You can tell I kept a lot of my teal and black bins and brought them into my office, but all of my neon baskets ended up in a county teacher resale group in Facebook. If I don’t transition into another curriculum role once my son (and any future kids) go to school and I head back to the classroom, I know in my heart of hearts that I don’t want to do neon anymore. I will simply scrounge around and bring things from home. I just love how homey my office space is, and I know I’ll crave that in the classroom too. That got me thinking…how could I support teachers who want to add a little farmhouse flair to their classroom?
Tip 1: Chalkboards and chalkboard paint are your friends. Use them liberally. Traditional chalkboards look great in classrooms, but there’s something about a chalkboard globe that makes my heart beat faster.
Tip 2: Shop around little antique shops for chairs, benches, stools, and small tables that have been given a new life. I scored this chair for $10 a few years ago, so there are deals to be found. Throw in a feedsack pillow, and viola! Farmhouse!
Tip 3: Abandon your brightly colored magnets. Go to the hardware store, and pick up these heavy-duty circular magnets, and use simple metal clips to hang your charts. It definitely adds an industrial flair, doesn’t it?
Tip 4: Attach magnets to the back of a clipboard to display a classroom sign. You could attach it to the board, to the side of a metal shelf, or to the side of a filing cabinet like I did in my classroom. Now notice that my magnets are sliding in the back and are visible. The beautiful thing about vintage decor is that perfection isn’t the expectation.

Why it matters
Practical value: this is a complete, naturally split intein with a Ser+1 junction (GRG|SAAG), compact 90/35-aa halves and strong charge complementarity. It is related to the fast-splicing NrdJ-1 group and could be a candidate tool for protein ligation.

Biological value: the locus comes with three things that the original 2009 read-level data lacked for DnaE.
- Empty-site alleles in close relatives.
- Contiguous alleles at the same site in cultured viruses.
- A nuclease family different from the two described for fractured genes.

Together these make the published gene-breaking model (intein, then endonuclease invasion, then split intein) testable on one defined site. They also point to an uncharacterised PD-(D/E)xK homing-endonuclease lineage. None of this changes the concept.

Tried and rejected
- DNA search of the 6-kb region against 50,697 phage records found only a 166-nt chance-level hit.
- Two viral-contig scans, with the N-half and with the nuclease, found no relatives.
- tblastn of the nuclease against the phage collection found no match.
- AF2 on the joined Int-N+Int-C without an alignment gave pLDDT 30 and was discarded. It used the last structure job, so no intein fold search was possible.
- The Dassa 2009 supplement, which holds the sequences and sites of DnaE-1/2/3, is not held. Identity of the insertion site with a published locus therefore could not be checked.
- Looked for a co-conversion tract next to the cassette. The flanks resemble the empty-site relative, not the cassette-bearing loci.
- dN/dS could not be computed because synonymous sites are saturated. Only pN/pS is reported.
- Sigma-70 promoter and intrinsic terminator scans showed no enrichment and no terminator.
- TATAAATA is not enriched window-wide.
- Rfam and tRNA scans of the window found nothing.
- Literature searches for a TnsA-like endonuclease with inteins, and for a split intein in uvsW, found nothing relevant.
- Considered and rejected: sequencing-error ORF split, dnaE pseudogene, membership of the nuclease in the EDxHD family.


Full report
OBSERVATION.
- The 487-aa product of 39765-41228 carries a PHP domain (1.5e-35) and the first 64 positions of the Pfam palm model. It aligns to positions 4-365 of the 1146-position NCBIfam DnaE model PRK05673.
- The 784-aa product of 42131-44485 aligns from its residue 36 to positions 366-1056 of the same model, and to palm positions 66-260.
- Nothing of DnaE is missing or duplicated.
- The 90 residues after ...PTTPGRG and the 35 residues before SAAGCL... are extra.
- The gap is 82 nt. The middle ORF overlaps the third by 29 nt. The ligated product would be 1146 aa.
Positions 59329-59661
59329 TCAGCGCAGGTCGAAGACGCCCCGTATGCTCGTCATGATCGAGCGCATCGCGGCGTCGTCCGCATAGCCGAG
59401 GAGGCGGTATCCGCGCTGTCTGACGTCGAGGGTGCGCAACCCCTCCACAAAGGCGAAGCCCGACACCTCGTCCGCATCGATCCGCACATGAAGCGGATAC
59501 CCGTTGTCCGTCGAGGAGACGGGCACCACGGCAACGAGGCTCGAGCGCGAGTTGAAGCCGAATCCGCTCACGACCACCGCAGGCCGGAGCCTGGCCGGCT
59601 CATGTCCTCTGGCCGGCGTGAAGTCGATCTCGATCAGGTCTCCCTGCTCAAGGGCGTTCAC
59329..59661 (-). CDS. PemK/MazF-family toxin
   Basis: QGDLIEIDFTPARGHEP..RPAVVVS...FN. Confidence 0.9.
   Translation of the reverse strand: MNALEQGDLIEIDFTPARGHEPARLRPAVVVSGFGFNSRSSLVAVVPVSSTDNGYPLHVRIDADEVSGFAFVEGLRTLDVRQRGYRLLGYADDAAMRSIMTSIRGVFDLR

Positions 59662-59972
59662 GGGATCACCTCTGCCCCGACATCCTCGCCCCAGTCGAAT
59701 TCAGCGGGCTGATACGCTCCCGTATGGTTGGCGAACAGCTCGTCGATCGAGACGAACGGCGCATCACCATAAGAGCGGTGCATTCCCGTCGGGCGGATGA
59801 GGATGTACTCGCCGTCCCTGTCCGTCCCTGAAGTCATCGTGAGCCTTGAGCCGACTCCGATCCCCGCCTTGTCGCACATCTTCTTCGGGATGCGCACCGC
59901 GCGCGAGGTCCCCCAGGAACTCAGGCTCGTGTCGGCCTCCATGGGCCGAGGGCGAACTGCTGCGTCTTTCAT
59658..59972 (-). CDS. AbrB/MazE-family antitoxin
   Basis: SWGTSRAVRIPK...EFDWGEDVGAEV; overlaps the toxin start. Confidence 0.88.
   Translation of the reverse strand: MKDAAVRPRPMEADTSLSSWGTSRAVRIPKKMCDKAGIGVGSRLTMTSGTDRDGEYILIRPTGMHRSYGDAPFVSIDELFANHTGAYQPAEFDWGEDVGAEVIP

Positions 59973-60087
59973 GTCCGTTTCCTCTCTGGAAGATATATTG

Tip 5: Use wire baskets, galvanized bins, natural baskets, and locker baskets to store materials. You can choose to keep it monochromatic, or you can buy some of the colorful baskets on the market. Either way, you can’t go wrong.
Tip 6: Use metal clips to hang items on twine or buntings. These beauties came from CanvasCorpBrands, and I am obsessed!
Tip 7: Cut scrapbook paper up to use for displays, center signs, math centers, or word work centers. I love these simple white, cream, and Kraft papers that are also from CanvasCorpBrands.
Tip 7: Use a mini crate for organization. This is perfect for storing “recipes” for good writing. Can you imagine students writing advice to one another as they read mentor texts and stuffing them into the mini file folders? I LOVE this!
Tip 8: Place faux apples in large glass jars for that vintage classroom/farmhouse touch. This was one of my favorite things in my classroom! I put it next to a corkboard with wooden number blocks, a flower frog, and a flashcard.
Tip 9: Use a vintage clip display to showcase vocabulary words. So simple and pretty… and no staples or bulletin boards required. This is great for small classrooms or rooms with limited display areas.
Tip 10: Shiplap all of the things! I love this shiplap bulletin board paper. It is perfection! I know there are some really great rustic photo backdrops that can also be used for classroom bulletin boards.
Ultimately, think of your classroom as your home away from home. Surround yourself with things that you love. Bring in items from home. Watch lots of Fixer Upper for inspiration. Then, ENJOY your space and grow those kiddos!